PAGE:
Food and body image are issues that director Rebecca Soltau fearlessly broaches in her interpretation of Stephanie Alison Walker’s short play, The Chocolate Affair. Her production asks what saps us of true joy and what feeds us in life.

Cal State East Bay’s production of “Reflex-tions” was directed and performed entirely by CSUEB theater and dance students.

CSU East Bay’s Theatre & Dance Department presented the Pulitzer Prize winning play“Our Town,” Nov. 13 and 14 and Nov. 20, 21 and 22, 2015.

First produced in 1938, “Our Town” quickly became a notable American contemporary classic. According to Director Darryl V. Jones, sincerity and clarity illuminate “Our Town,” reminding us in a hauntingly beautiful way that everyday life is precious, because it is the actions of every day that make up our true reality.

“This is not just a play about a quaint little New England village and the simple folk who live there,” Jones said. “It represents all of us — living in any community we might call ‘our town.’ Our production pays homage to the past but welcomes the reality of the more cultural and ethnically diverse community in which we live today. The people of the town are cast to represent a multi-cultural global community. Then too, because we all have songs that we connect to our lives, we are adding live music sung and played by the CSUEB actors themselves onstage.”

Told in three acts, the play takes place in Grover’s Corners. The stage manager and actors take us through a twelve-year span of life in this town, shining a particular light on young lovers Emily Webb and George Gibbs. Interlaced with their courtship are the day-to-day happenings of their families and other townsfolk, often humorous and sometimes bittersweet. These repetitions of daily life hold a universality that crosses generations, countries, and cultures. Audiences the world over have come to know and love the people of Grover’s Corners, and live a full life through their stories.

The play is often times done on a bare stage, as requested by the playwright, to engage the audience’s imagination. Jones is holding in part to that idea but is also adding elements to reflect the East Bay community, creating a non-time specific setting in which antiquity and modernity is juxtaposed to hint at the march of time. The backdrop will be designed by students Margaret Adair MacCormack (set/costume designer) and Wesley Rou (lighting designer). In addition, the production uses live music to score the circle of life and the generational march of time. CSUEB theatre students who sing and play instruments will perform the music.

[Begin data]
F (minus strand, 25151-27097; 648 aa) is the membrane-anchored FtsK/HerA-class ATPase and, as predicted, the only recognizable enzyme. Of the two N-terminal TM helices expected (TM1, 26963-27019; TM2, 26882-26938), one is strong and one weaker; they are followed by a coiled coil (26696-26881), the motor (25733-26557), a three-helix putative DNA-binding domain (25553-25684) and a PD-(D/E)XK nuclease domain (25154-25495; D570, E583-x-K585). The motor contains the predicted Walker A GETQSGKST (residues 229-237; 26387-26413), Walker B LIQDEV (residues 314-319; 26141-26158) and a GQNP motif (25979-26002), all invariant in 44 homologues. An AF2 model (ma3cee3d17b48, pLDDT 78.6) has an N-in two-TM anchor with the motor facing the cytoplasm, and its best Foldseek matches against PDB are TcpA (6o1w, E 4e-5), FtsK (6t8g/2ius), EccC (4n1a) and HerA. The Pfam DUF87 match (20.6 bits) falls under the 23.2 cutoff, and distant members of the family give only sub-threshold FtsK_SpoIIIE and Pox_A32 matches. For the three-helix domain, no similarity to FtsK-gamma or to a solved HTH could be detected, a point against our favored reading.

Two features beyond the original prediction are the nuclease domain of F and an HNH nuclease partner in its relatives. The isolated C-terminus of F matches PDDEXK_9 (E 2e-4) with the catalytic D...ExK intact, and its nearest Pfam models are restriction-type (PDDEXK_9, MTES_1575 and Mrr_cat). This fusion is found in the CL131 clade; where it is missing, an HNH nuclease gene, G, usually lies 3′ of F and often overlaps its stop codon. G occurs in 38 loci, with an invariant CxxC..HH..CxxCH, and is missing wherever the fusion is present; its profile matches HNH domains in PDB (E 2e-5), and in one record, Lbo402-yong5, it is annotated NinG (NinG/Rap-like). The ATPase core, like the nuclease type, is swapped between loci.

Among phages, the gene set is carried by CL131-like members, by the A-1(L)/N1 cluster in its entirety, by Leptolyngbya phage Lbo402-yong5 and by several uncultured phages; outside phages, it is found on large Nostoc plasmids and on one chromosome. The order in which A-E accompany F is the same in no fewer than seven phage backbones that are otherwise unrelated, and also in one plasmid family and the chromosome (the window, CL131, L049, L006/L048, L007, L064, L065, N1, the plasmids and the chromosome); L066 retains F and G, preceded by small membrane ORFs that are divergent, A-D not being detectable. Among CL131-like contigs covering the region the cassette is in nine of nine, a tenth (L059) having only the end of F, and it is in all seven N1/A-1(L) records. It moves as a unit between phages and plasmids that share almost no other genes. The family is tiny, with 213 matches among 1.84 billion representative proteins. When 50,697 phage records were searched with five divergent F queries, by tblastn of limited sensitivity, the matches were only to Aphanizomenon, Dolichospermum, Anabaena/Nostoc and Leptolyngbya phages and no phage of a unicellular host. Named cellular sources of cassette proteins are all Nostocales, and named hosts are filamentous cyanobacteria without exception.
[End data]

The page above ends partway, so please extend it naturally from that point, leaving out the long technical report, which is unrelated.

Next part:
Cal State East Bay’s production of Our Town was performed by an all student cast, headed by Ronny Marasigan as George Gibbs and Mariah Kuhn as Emily Webb. The inhabitants of Grover’s Corners are fleshed out by a diverse cast, featuring Jerardo Larios and Zulekha Enriquez as Dr. and Mrs. Gibbs; Emily Kistner as Rebecca Gibbs; Blake Weaver and Caitlin Gardner as Mr. and Mrs. Webb; Kevin Dyer as Wally Webb; Amelia Loredo as Mrs. Soames; Jorge Almaraz as Joe Crowell; Nick Berk as Joe Stoddard; Omid Imranesh as Si Crowell; Gregory Trimble as Howie Newsome; Sean Scott as Simon Stimnson; David Doherty as Constable Warren; Kylara Pankow as Samantha Craig; Angelica Uribe as Professor Willard, and Kimane Juneau, Han Sol Lee, Thea Franco, Janique Duhaney, and Colin Hagmann as Towns People.

Performances were December 4 & 5, 2015
ICE/ICE-X produced by Nina Haft & Eric Kupers
Choreography by Theatre and Dance Faculty and Students
Location: Physical Education 140

CSUEB T&D presented Aristophanes’ classic play “Lysistrata” using the contemporary adaptation by Ellen McLaughlin. Performances were Dec. 11th, 12th, and 13th, 2015. 

“Lysistrata,” the ancient Greek comedy about one housewife’s mission to end a war by convincing her peers to withhold sexual activity from their husbands and lovers, was reimagined by McLaughlin in March 2003 in protest of the United States’ invasion of Iraq. It was first performed in New York City as a reading featuring well-known theater, film and TV actors. 

McLaughlin’s adaptation revives the original premise of “Lysistrata” in a much shorter script while maintaining relevant, contemporary themes of politics, sex, war, and peace.

Cal State East Bay’s production was performed by an all-student cast and directed by visiting artist Velina Brown. Brown is a critically acclaimed actress, singer/songwriter and director, whose artistic home for the past 20 years has been with the Tony and Obie award-winning San Francisco Mime Troupe. Brown has performed on many stages, including the American Conservatory Theatre, Berkeley Repertory Theatre, and SF Playhouse, and appeared in numerous television shows and movies, such as “Final Witness,” “Party of Five,” “Nash Bridges,” “Trauma,” “Maladaptive,” “Playing it Cool,” and “Milk.”

“It has been a true pleasure to introduce students to A Peek Behind the Scenes (a four-unit course) of the theater-making process, while directing a fabulous combination of theater majors and mostly non-theater majors,’” Brown said.